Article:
Two views of female sexuality: David Hamilton’s Nymphettes and Norman Lindsay’s Amazons

This blog is a comparison of the work of two artists, one a photographer, the other a painter. The aim of the comparison is to shed light on the nature of their work by using each as a frame of reference for the other.

David Hamilton (1933 – ) is a British photographer and film director best known for his nude images of young girls.

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As much of Hamilton’s work depicts early-teen girls, often nude, he has been the subject of some controversy and even child pornography allegations, similar to that which the work of Sally Mann and Jock Sturges has attracted.

Norman Alfred William Lindsay (22 February 1879 – 21 November 1969) was an Australian artist, etcher, sculptor, writer, editorial cartoonist, scale modeller and an accomplished amateur boxer.  

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Lindsay is widely regarded as one of Australia’s greatest artists and, like Hamilton, has been surrounded by some controversy. His book The Age of Consent was banned in Australia until 1962. Sixteen crates of his paintings which were taken to the US were impounded by authorities and burnt for being indecent.

There is much in common between David Hamilton and Norman Lindsay. The first and most obvious commonality is their celebration of the naked female body. However,  their work is in quite different traditions of this celebration.

Lindsay subjects are big women with Amazonian, gravity-defying  breasts of impossible proportions and thighs to match.

This great tradition of big women goes back to Peter Paul Rubens, probably greatest celebrator of big women and also to Pierre-Auguste Renoir.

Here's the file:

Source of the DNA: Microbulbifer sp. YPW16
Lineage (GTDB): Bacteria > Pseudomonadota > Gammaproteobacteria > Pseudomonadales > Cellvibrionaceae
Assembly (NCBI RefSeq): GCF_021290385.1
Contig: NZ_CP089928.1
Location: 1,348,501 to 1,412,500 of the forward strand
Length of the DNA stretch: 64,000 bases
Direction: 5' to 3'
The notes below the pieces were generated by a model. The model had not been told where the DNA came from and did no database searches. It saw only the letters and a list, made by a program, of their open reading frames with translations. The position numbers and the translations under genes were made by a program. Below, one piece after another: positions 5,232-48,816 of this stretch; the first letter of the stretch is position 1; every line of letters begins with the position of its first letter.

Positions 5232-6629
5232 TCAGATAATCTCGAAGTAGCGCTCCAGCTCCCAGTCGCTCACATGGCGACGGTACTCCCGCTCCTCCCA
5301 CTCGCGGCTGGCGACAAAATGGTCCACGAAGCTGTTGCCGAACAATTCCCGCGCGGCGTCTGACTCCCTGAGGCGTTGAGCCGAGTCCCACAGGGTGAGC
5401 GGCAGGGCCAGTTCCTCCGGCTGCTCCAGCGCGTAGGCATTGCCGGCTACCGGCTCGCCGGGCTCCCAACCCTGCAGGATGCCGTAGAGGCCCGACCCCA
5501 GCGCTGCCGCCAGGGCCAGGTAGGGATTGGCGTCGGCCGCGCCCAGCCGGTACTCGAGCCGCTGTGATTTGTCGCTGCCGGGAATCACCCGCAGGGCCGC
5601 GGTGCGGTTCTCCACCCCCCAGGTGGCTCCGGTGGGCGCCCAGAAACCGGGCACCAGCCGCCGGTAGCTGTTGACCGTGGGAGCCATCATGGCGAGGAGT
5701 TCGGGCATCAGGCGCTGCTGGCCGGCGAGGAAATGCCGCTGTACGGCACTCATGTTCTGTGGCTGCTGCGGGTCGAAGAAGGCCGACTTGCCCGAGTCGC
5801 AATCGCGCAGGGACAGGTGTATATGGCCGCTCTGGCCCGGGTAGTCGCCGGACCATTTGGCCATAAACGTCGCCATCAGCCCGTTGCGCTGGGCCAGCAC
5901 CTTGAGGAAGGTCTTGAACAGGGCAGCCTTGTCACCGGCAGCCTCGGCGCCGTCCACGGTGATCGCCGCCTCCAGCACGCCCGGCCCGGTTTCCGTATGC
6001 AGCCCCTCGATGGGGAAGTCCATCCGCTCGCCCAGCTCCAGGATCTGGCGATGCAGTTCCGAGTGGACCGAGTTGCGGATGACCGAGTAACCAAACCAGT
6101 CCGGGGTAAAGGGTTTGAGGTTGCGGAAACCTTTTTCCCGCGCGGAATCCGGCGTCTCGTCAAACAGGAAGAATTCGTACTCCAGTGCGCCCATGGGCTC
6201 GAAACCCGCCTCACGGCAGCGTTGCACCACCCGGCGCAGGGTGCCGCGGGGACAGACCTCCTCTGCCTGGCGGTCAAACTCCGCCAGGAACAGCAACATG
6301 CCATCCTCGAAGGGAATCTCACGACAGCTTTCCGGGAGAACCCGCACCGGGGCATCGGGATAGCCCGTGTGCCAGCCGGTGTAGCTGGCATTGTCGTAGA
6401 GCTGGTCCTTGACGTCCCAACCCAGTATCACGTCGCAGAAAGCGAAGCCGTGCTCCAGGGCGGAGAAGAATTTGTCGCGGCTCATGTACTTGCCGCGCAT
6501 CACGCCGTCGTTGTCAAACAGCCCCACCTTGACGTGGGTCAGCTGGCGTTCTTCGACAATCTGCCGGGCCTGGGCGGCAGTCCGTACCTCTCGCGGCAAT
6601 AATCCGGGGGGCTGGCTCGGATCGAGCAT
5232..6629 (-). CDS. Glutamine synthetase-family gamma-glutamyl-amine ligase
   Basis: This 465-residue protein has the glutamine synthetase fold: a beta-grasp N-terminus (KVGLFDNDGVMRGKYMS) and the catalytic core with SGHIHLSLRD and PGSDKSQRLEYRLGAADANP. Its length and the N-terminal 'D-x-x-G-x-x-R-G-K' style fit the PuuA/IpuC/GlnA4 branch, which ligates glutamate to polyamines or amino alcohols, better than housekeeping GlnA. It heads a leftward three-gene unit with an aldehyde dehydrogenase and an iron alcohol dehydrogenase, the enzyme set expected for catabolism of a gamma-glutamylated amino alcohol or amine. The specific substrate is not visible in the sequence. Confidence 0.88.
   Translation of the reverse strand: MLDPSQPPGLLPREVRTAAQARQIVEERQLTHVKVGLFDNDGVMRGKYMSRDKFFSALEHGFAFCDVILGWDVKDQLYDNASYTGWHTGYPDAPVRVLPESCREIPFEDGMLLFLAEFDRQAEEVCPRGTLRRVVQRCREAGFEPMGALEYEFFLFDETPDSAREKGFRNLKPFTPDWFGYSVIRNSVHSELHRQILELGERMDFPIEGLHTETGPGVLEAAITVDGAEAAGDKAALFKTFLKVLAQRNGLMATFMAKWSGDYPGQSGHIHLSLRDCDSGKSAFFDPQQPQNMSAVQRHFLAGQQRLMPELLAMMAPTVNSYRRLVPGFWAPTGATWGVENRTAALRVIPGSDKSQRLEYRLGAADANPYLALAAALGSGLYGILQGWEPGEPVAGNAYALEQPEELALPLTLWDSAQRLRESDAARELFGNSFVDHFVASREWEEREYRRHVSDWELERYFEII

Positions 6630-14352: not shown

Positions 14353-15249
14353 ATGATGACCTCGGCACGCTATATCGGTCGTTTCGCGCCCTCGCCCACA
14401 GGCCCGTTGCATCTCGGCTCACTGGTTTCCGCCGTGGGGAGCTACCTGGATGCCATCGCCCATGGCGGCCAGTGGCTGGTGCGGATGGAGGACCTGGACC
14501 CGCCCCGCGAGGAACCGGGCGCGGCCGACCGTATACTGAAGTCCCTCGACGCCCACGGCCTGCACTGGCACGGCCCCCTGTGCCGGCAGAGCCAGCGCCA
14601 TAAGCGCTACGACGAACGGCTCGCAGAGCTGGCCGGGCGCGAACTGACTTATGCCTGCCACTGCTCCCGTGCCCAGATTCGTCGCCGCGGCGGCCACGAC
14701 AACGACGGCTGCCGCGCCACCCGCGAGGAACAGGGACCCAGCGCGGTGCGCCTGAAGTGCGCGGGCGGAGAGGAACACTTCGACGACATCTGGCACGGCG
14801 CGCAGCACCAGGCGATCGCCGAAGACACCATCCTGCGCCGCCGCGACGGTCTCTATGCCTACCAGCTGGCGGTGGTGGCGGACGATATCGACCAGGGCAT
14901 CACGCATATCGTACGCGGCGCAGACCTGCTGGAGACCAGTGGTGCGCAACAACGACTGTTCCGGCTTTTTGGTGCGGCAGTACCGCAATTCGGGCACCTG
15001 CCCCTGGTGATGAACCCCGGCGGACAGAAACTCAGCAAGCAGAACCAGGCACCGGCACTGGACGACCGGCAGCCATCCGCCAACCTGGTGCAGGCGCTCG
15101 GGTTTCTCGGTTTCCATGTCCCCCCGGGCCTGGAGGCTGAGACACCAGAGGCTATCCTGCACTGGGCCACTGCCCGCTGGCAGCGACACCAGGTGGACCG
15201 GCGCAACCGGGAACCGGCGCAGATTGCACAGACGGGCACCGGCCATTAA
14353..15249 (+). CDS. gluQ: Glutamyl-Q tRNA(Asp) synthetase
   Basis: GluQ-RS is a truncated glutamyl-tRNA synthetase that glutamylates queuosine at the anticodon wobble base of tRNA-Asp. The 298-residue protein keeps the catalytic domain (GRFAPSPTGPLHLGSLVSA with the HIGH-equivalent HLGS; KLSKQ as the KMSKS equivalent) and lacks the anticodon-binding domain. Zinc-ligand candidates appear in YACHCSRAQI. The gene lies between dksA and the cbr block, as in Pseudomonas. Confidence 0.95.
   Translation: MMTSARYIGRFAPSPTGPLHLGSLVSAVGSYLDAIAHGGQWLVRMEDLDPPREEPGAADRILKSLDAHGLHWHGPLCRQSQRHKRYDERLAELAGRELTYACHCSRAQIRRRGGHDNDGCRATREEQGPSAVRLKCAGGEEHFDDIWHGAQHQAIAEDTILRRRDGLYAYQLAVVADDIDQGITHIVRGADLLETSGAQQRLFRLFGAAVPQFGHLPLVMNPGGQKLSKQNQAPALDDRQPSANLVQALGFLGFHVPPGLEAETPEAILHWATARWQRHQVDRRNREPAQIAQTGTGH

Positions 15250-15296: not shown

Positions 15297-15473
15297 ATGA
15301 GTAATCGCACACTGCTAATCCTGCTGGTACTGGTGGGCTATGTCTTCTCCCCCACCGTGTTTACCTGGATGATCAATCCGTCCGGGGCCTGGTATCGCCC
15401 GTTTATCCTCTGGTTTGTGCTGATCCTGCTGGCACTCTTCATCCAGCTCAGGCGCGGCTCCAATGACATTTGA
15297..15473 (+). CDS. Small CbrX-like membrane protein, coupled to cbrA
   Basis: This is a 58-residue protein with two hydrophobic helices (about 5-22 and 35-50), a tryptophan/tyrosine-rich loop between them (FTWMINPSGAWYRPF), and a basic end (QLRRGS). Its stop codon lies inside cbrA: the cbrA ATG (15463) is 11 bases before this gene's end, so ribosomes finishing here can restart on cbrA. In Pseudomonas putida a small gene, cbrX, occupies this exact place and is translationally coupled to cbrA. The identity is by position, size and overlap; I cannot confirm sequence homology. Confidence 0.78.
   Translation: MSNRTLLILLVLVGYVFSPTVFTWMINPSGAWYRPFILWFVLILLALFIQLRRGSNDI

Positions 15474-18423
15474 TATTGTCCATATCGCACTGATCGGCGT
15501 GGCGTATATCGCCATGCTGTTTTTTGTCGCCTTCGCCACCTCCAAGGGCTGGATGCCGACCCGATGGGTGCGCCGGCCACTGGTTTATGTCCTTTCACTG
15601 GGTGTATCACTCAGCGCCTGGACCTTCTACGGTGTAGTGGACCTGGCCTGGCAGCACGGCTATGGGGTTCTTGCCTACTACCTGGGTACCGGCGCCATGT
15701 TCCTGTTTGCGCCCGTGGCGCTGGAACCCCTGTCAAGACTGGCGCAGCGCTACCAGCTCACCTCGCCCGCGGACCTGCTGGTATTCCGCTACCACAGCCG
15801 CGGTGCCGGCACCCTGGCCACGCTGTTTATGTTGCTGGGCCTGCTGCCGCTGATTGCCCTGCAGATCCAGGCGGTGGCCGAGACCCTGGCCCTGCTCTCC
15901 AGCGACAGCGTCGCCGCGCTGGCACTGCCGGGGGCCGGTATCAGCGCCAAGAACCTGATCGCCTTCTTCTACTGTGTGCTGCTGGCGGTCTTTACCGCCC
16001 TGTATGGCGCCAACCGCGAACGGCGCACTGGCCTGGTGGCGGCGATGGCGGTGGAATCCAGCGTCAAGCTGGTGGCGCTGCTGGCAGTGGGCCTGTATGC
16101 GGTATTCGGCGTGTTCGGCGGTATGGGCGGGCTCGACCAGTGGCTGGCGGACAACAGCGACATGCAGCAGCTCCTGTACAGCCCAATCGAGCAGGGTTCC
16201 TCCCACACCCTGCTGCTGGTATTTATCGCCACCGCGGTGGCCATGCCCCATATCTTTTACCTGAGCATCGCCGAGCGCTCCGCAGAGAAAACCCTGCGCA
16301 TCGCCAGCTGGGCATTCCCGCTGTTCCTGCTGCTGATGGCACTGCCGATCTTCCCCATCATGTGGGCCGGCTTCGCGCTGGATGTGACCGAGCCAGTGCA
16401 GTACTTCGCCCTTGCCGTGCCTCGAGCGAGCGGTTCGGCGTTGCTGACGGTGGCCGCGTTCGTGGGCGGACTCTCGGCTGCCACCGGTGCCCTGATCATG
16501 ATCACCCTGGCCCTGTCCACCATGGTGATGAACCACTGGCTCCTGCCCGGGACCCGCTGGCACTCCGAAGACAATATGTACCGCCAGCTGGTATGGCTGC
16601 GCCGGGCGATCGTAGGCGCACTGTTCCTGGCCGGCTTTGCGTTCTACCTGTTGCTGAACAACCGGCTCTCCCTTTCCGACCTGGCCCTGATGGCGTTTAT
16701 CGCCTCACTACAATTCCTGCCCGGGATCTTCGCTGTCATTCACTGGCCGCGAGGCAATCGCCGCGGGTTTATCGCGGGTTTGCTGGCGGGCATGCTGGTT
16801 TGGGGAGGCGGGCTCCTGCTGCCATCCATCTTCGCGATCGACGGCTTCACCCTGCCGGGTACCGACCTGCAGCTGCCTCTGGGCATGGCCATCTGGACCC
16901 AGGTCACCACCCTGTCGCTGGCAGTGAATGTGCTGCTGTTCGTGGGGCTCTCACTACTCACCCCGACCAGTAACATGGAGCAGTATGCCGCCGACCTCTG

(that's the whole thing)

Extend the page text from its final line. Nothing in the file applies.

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 Rubens Andromeda Chained to the Rocks (1638-1639)

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Rubens’ The Judgement of Paris looks forward to Renoir’s big women.

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Renoir The Large Bathers

Much of Hamilton’s work celebrates the latent, but developing, sexuality of young women, also known as nymphettes.  His work is strongly rooted in a more recent tradition  in literature, photography and cinema. Most notably in Nabokov’s Lolita

and a series of films about highly sexualised young women and older men.

Nymphs

Brooke Shields in Pretty Baby, Jane March in The Lover. Mena Suvari n American Beauty, Ariel Besse in Beau Pere, Jane March Colour of Night and Jodie Foster in Taxi Driver

Hamilton is part of a photographic genre made famous by David Bailey and his portraits of the beauties of the 1960s and 70s.

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Jean Shrimpton

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 Jane Birkin

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and latterly Kate Moss

Perhaps  one of the most famous nymphettes is Natalie Portman as Matilda in Luc Besson’s  morally ambiguous The Professional.

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These two different celebrations of the naked female body are apparent in a detail from Lindsay’s The Olympian Web, and in one of Hamilton’s portraits of the many beautiful young women that he photographed.

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As well as their different traditions, both Lindsay and Hamilton have a very distinctive views of the sexuality of their subjects. In both cases, the depiction of this is closely linked to their stylistic approaches to their art.

There is a sense of innocence in Hamilton’s portrayal of youthful sexuality that is absent from Lindsay’s work. We see this in the etherial, dreamlike and, in many ways idealised, vision of innocent beauty and sexuality in Hamilton’s work.